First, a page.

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Reasons to be cheerful (Part II): developments that instil optimism about the future of mental health provision

In part I of this blog, I listed three reasons to be cheerful about the future of mental health. Here I describe another three positive developments that promote optimism that, over the next few years, we might witness radical improvements in the way the Western world responds to human suffering and overwhelm.

Courtesy of Stuart Miles at FreeDigitalPhotos.net9

4. Moncrieff’s ‘drug-centred’ notion of medication effects
British psychiatrist, Joanna Moncrieff, proposed a sensible way of explaining why psychotropic drugs – like the so-called ‘antipsychotics’ and ‘antidepressants’ – can sometimes benefit the recipient.

Moncrieff described how, contrary to what has been peddled by biological psychiatry and the pharmaceutical industry for the last two decades, psychiatric medications do not achieve their effects through a ‘disease-centred’ mode of action. In other words, they do not rectify biochemical imbalances in the brain. Instead, Moncrieff persuasively argued that psychiatric drugs realise their effects through a ‘drug-centred’ process that creates an abnormal brain state. Sometimes these chemically-induced, abnormal states of mind are preferable to the alternatives, at least in the short term – for example, sedation for someone who is highly agitated – but abnormal states they are nonetheless (1)(2).

Explaining the disease-centred/drug-centred distinction to people in receipt of mental health services should enable them to make an informed decision as to whether to accept psychotropic medication. Importantly, such explanations might illustrate why the option to decline psychiatric drugs is not synonymous with a diabetes sufferer choosing not to take insulin.

Moncrieff’s distinction between disease-centred/drug-centred actions should helpfully determine the tone of language used by professionals when describing the likely effects of psychiatric drugs. Thus, references to ‘treating underlying illness’, ‘balancing brain biochemistry’ and ‘correcting abnormal states’ are spurious and should be avoided. Instead, service users should be informed that the medication will induce an altered state of mind that, depending on the particular drug, may be experienced as ‘sedation’, ‘a numbing of painful emotions’ or ‘slowed thinking’.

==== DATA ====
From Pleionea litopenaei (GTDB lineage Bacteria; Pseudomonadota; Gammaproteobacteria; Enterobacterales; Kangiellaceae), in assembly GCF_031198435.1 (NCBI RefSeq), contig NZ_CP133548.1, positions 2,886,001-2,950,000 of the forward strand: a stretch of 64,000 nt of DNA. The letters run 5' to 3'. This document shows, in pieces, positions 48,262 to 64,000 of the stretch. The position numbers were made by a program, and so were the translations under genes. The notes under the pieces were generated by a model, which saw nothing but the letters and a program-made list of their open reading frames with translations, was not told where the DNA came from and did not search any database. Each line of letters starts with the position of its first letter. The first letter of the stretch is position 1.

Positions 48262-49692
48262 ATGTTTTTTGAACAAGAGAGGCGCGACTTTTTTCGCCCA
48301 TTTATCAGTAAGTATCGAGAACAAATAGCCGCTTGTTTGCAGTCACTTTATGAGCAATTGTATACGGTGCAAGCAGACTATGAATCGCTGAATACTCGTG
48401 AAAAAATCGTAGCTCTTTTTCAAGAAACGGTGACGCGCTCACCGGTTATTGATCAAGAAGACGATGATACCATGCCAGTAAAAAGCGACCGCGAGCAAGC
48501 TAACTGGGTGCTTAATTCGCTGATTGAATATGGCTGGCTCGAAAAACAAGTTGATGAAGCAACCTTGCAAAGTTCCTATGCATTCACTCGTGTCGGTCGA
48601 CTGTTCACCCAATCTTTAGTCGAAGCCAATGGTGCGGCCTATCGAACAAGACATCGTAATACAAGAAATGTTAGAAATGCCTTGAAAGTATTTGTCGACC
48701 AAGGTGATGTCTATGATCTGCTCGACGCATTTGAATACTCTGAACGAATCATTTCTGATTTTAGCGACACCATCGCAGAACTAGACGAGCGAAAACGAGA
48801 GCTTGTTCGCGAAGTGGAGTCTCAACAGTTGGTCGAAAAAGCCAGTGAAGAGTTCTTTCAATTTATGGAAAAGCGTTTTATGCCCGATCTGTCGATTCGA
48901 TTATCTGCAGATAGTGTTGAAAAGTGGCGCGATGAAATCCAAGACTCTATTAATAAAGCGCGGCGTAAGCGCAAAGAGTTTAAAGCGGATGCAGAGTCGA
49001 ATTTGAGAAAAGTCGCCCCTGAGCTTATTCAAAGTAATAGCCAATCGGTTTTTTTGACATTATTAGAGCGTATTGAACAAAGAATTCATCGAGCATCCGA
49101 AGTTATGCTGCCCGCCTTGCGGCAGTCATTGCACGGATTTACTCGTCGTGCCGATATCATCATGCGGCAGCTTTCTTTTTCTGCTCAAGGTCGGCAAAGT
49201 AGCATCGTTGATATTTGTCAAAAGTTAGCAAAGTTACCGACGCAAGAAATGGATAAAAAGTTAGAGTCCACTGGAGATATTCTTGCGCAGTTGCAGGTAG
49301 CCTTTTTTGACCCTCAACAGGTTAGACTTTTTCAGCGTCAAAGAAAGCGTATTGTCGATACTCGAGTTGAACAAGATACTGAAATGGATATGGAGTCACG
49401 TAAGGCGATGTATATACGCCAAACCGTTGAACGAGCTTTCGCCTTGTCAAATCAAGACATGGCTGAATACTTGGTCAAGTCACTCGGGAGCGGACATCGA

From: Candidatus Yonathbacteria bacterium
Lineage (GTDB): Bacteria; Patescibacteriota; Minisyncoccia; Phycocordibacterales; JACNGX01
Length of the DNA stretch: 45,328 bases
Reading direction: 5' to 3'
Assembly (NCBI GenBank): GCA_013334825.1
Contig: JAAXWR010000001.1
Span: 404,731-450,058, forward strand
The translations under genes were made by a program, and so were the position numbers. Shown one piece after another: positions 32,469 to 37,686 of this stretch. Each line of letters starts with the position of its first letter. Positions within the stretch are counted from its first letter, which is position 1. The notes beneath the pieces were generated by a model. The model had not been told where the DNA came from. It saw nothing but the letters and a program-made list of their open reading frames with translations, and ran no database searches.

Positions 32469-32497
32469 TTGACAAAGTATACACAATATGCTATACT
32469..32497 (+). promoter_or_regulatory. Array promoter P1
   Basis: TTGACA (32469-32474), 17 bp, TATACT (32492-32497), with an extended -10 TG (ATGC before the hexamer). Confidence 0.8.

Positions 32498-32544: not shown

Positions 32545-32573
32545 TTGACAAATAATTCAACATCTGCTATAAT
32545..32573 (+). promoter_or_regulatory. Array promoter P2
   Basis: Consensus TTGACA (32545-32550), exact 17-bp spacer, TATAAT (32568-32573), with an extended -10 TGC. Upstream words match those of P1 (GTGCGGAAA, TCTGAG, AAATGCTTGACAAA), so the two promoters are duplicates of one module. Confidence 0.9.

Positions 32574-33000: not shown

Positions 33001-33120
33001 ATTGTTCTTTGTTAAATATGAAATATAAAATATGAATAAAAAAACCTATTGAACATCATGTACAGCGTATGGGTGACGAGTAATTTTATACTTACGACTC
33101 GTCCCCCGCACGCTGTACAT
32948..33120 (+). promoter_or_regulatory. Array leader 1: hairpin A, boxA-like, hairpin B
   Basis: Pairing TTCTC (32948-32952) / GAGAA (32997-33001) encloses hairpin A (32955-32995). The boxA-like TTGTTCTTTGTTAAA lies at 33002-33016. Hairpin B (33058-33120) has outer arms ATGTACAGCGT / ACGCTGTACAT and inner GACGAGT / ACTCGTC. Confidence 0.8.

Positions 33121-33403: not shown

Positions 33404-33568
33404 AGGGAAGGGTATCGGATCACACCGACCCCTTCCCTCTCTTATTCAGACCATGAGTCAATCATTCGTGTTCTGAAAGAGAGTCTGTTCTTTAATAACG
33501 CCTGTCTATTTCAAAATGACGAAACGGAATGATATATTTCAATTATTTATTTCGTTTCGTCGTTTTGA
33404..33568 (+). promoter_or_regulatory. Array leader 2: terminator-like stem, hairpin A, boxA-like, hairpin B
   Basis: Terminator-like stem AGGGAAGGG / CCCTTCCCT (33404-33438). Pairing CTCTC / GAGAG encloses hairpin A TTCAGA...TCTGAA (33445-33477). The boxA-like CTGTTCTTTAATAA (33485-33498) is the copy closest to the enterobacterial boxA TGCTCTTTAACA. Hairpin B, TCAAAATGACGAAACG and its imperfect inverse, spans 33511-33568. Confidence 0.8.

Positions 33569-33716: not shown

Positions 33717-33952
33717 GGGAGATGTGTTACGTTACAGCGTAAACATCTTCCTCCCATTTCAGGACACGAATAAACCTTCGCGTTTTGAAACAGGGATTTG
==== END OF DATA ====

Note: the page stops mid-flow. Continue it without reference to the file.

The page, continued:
5. A shifting focus onto mental wellbeing
Recent years have witnessed the beginnings of a shift away from the traditional and narrow focus on the treatment of ‘mental illness’ towards promotion of a much broader concept: ‘mental wellbeing’.

In 2014, the World Health Organisation (WHO) defined mental health as ‘a state of wellbeing in which every individual realises his/her own potential, can cope with the normal stresses of life, can work productively and fruitfully, and is able to make a contribution to her and his community’ (3). Crucially, the improvement of people’s mental wellbeing cannot be achieved solely by transformations to healthcare, but instead requires coordinated changes to a range of domains, including the social, vocational, economic and political.

It is encouraging to witness that in recent years some mainstream political parties in the UK have created dedicated ministerial posts with responsibility for mental health Such appointments reflect the need for a multi-faceted, multi-layered approach that extends far beyond the remit and competencies of health service providers. To achieve a meaningful reduction in levels of human suffering and misery will require an approach that grapples with a wide range of societal problems, including: discrimination, disempowerment, poverty, homelessness, criminality, unemployment and intra-family abuse.

6. An array of groups clamouring for radical change
Criticism of traditional psychiatry is not a new phenomenon; dissenting voices have been agitating for at least half a century. Alas, until now, it has been easy for the vested interests (biological psychiatry and the multi-national drug companies) to claim that these critics are extreme mavericks, or the product of turf wars where different professional groups jostle for power and influence. However, this dismissive response from advocates of the bio-medical approach to human suffering is looking increasingly feeble and inadequate.

The range and heterogeneity of critical voices protesting about Western psychiatry has never been greater: a multitude of service users sharing their personal stories; civil rights activists; organisations like the Hearing Voices Network offering alternative, non-medical approaches; dissident psychiatrists across Europe and the USA; influential journalists like Robert Whitaker; and critical authors from a range of mental health professions. Even traditional psychiatry, with its stubborn (and self-serving) history of resisting change, cannot continue to ignore this collective scream of disapproval. Can it?

(1) Moncrieff, J. (2008). The Myth of the Chemical Cure: A critique of psychiatric drug treatment. Basingstoke: Palgrave-MacMillan
(2) Moncrieff, J. (2015). The Bitterest Pills: The troubling story of antipsychotic drugs. Basingstoke: Palgrave-MacMillan.
(3) World Health Organisation (WHO). (2014). Mental Health: A state of wellbeing.


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